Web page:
Canagliflozin reduces hyperkalemia risk in patients with diabetes and CKD: CREDENCE trial

Published On 2021-10-20 03:30 GMT   |   Update On 2021-10-20 05:54 GMT

Australia: Hyperkalemia is common in people with type 2 diabetes mellitus (T2DM) and chronic kidney disease (CKD), and it is associated with the discontinuation of renin-angiotensin-aldosterone (RAAS) inhibitors due to the potential for life-threatening arrhythmias that are clinically relevant to both physicians and patients.

Now, a recent study has found that SGLT2 inhibition with canagliflozin may lower the risk of hyperkalemia in people with T2DM and CKD without increasing the risk of hypokalemia in patients treated with renin-angiotensin-aldosterone system inhibitors. 

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The following study was conducted by Brendon L Neuen and the team with the aim to determine whether sodium-glucose cotransporter 2 (SGLT2) inhibitors reduce the incidence of hyperkalemia and give cardiorenal protection in individuals with CKD. The findings of this study were published in the European Heart Journal on 15th July 2021.

The CREDENCE study randomly assigned 4401 people with T2DM and CKD to either the SGLT2 inhibitor canagliflozin or a matched placebo. Researchers used an intention-to-treat strategy in this post-hoc study to examine the effect of canagliflozin on a composite outcome of time to either investigator-reported hyperkalemia or the commencement of potassium binders. They also looked at the impact on central laboratory-determined hyperkalemia and hypokalemia, as well as changes in serum potassium. The mean serum potassium in the canagliflozin and placebo groups was 4.5 mmol/L at baseline, with 4395 (99.9%) individuals undergoing renin-angiotensin system inhibition.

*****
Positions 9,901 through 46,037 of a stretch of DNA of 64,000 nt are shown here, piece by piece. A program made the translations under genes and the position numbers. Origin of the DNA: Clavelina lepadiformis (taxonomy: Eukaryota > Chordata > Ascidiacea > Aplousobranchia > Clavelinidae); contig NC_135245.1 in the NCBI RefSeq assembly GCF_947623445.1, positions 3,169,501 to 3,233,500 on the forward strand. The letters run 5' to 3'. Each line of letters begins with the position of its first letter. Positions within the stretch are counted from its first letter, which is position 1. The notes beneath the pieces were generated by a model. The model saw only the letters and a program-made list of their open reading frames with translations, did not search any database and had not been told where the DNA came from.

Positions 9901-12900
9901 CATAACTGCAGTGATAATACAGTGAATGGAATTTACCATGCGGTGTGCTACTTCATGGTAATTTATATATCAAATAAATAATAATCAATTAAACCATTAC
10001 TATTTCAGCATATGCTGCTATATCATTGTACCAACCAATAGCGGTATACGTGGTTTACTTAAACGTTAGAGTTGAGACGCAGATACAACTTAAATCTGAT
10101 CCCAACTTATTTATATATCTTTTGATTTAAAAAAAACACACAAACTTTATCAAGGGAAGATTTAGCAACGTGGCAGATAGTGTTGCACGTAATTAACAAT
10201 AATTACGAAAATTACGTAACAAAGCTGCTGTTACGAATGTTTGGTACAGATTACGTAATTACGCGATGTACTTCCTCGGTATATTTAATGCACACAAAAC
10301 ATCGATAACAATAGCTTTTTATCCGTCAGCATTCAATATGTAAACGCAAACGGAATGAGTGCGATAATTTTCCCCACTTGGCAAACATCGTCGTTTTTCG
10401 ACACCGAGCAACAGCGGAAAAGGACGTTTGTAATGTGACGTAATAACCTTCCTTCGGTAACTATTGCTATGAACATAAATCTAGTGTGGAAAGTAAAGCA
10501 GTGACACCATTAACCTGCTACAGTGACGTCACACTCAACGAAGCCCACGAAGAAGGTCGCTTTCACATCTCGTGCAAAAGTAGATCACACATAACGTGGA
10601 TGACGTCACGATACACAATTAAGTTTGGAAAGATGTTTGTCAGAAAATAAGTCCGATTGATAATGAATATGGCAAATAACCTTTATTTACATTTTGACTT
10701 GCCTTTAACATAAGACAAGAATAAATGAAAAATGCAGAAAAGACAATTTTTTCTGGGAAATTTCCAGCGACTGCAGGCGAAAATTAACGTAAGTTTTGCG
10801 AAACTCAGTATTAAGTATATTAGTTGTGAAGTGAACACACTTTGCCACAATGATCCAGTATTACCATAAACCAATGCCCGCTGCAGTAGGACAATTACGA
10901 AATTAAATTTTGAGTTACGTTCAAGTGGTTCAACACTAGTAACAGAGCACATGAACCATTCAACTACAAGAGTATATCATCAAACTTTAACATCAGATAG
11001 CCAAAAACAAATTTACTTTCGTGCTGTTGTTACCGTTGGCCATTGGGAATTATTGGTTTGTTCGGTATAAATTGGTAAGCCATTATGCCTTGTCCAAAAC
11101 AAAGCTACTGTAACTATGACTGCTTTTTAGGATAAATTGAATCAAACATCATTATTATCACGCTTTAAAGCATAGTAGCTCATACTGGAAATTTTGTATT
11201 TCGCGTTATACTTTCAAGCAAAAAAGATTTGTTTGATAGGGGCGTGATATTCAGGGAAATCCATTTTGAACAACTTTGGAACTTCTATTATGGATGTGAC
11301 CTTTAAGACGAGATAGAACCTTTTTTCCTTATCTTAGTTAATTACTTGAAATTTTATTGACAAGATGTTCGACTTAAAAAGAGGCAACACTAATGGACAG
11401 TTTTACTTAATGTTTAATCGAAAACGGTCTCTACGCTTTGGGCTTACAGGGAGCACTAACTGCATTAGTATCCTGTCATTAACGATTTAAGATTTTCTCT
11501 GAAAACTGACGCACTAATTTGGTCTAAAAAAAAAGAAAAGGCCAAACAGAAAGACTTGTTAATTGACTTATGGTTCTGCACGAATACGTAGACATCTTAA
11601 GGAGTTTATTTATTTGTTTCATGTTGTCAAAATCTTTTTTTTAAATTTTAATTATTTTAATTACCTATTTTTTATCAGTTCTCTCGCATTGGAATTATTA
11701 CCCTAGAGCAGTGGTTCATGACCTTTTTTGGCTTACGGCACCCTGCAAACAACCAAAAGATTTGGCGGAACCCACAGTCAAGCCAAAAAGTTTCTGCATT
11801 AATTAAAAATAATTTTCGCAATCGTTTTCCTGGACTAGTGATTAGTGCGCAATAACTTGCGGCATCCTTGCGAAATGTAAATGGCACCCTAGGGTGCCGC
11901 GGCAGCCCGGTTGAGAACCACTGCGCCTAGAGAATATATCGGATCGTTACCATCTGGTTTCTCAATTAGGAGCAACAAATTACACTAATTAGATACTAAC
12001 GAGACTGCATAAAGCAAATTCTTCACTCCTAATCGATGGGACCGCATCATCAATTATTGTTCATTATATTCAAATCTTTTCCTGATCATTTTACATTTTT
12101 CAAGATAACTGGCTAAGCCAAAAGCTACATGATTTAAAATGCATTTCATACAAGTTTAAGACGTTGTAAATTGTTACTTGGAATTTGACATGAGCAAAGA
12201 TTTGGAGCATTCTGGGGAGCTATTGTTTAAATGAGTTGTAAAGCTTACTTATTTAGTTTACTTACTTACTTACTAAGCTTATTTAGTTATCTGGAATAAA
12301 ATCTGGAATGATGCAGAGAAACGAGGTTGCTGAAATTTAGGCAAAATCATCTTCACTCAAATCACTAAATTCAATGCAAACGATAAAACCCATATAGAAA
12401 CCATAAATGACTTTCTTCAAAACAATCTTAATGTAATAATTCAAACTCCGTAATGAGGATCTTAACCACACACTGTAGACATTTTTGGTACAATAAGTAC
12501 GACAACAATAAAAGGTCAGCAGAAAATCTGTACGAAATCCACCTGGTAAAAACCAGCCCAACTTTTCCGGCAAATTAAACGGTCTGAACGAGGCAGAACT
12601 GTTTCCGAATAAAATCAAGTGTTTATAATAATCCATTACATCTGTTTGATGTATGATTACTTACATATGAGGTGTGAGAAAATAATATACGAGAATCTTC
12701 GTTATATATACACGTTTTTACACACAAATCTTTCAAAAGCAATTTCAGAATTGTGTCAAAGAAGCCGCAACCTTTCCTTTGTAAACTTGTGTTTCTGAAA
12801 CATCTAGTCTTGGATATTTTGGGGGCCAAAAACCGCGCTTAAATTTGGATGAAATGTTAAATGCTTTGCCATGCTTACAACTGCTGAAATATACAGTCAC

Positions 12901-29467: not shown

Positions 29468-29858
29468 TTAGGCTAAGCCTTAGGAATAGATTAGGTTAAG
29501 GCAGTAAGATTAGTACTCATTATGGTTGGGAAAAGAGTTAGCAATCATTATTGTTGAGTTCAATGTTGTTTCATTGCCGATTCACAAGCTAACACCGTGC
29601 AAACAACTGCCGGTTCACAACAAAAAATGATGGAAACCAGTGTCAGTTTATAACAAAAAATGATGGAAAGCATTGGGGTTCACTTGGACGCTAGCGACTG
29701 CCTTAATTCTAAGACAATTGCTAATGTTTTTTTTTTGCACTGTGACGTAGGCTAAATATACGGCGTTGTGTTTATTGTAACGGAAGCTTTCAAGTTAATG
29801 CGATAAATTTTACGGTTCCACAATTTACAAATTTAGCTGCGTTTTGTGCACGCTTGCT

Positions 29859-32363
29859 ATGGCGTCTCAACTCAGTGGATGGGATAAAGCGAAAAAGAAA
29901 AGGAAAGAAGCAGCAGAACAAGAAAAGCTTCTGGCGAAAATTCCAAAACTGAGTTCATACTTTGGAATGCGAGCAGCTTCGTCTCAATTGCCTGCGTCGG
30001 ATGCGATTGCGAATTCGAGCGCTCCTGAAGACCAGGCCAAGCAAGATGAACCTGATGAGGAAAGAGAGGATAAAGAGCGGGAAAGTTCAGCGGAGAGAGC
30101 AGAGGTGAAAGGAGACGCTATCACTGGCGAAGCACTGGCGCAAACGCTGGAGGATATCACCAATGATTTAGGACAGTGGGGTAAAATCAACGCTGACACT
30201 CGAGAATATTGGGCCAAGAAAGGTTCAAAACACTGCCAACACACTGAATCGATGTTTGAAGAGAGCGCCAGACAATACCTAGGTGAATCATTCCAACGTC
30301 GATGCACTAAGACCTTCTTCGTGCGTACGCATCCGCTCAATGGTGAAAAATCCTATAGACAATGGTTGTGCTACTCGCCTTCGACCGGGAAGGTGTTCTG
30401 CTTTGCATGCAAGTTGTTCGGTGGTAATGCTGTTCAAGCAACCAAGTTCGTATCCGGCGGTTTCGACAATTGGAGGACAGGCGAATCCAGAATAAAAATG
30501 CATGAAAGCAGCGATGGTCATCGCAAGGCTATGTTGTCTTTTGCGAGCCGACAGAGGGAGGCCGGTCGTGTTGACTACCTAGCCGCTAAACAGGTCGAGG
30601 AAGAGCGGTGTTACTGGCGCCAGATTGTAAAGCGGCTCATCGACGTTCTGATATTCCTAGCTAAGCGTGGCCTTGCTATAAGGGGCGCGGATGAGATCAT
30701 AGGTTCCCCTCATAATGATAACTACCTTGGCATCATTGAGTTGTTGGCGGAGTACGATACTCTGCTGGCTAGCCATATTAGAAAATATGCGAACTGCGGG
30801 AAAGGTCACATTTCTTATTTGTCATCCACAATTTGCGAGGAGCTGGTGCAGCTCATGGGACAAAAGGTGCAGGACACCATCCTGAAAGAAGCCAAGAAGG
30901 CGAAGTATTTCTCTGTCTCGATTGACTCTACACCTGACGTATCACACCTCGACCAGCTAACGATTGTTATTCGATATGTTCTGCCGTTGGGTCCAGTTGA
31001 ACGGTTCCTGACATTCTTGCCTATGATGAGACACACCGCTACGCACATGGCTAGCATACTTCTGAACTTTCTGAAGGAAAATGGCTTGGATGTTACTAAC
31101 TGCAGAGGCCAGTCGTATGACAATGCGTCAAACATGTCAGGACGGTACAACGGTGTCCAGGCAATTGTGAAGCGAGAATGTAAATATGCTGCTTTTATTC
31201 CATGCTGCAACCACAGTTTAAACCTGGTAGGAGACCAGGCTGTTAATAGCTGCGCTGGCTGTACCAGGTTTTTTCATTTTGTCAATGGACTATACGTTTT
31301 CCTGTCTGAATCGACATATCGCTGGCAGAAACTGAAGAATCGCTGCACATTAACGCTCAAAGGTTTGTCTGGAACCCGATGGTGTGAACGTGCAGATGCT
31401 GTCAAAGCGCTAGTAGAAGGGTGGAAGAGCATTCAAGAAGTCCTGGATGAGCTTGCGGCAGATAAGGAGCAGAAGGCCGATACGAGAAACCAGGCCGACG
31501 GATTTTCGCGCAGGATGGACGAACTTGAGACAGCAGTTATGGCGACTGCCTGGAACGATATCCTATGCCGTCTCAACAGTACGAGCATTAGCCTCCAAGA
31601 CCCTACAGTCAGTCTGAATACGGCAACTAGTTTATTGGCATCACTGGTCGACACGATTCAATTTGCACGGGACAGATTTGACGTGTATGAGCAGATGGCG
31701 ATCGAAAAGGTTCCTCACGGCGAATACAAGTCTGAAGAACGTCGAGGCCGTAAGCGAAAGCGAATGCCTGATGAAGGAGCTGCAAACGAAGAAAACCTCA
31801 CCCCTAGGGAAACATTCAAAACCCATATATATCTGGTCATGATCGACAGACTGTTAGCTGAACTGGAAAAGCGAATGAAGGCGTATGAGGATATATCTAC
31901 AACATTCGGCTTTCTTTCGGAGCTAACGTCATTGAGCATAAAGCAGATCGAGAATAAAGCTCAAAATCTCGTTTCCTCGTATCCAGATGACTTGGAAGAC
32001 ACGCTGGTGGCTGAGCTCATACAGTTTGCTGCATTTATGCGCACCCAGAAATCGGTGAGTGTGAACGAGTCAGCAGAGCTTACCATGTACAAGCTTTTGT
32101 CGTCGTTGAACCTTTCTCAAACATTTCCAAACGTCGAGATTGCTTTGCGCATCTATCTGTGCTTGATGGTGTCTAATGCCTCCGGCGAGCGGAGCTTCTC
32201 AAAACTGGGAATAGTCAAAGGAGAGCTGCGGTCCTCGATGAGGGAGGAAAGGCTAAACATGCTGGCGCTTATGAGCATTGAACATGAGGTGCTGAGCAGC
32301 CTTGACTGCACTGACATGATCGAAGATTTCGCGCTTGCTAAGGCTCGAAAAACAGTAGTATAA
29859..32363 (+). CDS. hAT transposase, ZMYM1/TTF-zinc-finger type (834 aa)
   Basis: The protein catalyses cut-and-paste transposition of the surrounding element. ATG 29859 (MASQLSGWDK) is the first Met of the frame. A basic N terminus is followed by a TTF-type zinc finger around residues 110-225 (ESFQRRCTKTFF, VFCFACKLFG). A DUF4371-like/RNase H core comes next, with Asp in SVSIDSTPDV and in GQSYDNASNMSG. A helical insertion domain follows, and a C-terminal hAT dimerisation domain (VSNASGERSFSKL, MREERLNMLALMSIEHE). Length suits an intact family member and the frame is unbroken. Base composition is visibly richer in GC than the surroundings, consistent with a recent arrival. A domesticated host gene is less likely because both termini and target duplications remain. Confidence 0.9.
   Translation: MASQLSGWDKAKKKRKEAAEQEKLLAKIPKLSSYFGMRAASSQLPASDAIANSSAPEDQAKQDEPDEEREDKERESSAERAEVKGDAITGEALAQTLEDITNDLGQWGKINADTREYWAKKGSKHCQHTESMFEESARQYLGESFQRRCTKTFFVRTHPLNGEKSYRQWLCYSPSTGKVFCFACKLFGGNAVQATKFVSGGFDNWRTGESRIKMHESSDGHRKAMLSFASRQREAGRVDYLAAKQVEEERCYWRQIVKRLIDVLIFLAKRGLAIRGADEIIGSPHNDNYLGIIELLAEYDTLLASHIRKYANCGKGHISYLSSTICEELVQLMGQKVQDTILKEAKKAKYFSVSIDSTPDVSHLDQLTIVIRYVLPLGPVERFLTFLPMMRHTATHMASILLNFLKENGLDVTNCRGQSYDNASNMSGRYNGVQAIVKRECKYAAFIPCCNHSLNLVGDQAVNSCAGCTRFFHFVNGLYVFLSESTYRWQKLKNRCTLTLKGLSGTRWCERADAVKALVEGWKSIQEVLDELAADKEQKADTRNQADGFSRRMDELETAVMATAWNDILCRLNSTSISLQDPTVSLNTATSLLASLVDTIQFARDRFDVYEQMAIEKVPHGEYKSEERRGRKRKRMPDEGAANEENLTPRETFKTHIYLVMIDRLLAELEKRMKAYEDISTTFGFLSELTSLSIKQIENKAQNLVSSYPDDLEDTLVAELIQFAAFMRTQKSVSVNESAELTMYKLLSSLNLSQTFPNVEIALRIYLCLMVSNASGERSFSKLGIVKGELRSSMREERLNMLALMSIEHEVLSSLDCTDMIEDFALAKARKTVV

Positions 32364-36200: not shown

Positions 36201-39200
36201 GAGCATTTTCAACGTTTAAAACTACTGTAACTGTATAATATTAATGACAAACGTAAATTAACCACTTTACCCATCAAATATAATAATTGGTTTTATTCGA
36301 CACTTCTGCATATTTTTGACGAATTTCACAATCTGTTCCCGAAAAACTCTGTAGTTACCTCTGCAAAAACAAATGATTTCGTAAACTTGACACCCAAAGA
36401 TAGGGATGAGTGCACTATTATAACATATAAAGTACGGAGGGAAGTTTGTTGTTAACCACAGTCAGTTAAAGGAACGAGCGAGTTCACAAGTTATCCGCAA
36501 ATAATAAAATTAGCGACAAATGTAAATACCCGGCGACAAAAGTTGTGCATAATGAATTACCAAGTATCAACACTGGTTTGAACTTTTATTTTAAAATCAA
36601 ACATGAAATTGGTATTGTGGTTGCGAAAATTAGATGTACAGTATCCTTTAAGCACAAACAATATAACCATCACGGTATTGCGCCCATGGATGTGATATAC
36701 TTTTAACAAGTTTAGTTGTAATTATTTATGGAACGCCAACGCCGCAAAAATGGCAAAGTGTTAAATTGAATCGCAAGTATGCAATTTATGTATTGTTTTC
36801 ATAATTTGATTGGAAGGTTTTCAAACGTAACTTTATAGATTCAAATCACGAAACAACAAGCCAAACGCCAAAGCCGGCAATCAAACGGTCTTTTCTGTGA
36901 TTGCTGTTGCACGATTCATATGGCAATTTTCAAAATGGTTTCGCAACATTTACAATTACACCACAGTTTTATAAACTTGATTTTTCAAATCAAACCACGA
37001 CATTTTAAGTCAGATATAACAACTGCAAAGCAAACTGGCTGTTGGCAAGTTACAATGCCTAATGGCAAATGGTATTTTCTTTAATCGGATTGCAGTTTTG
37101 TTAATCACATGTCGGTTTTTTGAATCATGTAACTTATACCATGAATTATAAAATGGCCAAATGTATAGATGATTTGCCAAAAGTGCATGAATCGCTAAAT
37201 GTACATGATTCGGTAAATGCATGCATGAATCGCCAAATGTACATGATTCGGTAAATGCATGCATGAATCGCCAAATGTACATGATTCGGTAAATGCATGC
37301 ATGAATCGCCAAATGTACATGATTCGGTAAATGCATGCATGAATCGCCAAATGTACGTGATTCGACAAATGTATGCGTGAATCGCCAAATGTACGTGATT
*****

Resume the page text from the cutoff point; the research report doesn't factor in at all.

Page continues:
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Canagliflozin decreased the incidence of investigator-reported hyperkalemia or commencement of potassium binders compared to placebo in this post-hoc analysis of the CREDENCE trial, with a similarly substantial reduction in risk of central laboratory confirmed hyperkalemia. In the cardiovascular outcome studies for canagliflozin (CANVAS Program) and dapagliflozin, the incidence of investigator-reported hyperkalemia was similarly statistically reduced (DECLARE-TIMI 58). Dapagliflozin dramatically decreased the incidence of severe hyperkalemia in the DAPA-HF study, in which more than two-thirds of patients were taking mineralocorticoid receptor antagonists at baseline.

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"Canagliflozin may lower the risk of hyperkalemia in patients with T2DM and CKD while having no effect on incidence hypokalemia. More future research is needed to validate these conclusions", said the author in conclusion.

Reference:

Neuen, B. L., Oshima, M., Perkovic, V., Agarwal, R., Arnott, C., Bakris, G., Cannon, C. P., Charytan, D. M., Edwards, R., Górriz, J. L., Jardine, M. J., Levin, A., Neal, B., De Nicola, L., Pollock, C., Rosenthal, N., Wheeler, D. C., Mahaffey, K. W., & Heerspink, H. J. L. (2021). Effects of canagliflozin on serum potassium in people with diabetes and chronic kidney disease: the CREDENCE trial. In European Heart Journal. Oxford University Press (OUP). https://doi.org/10.1093/eurheartj/ehab497


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Article Source : European Heart Journal

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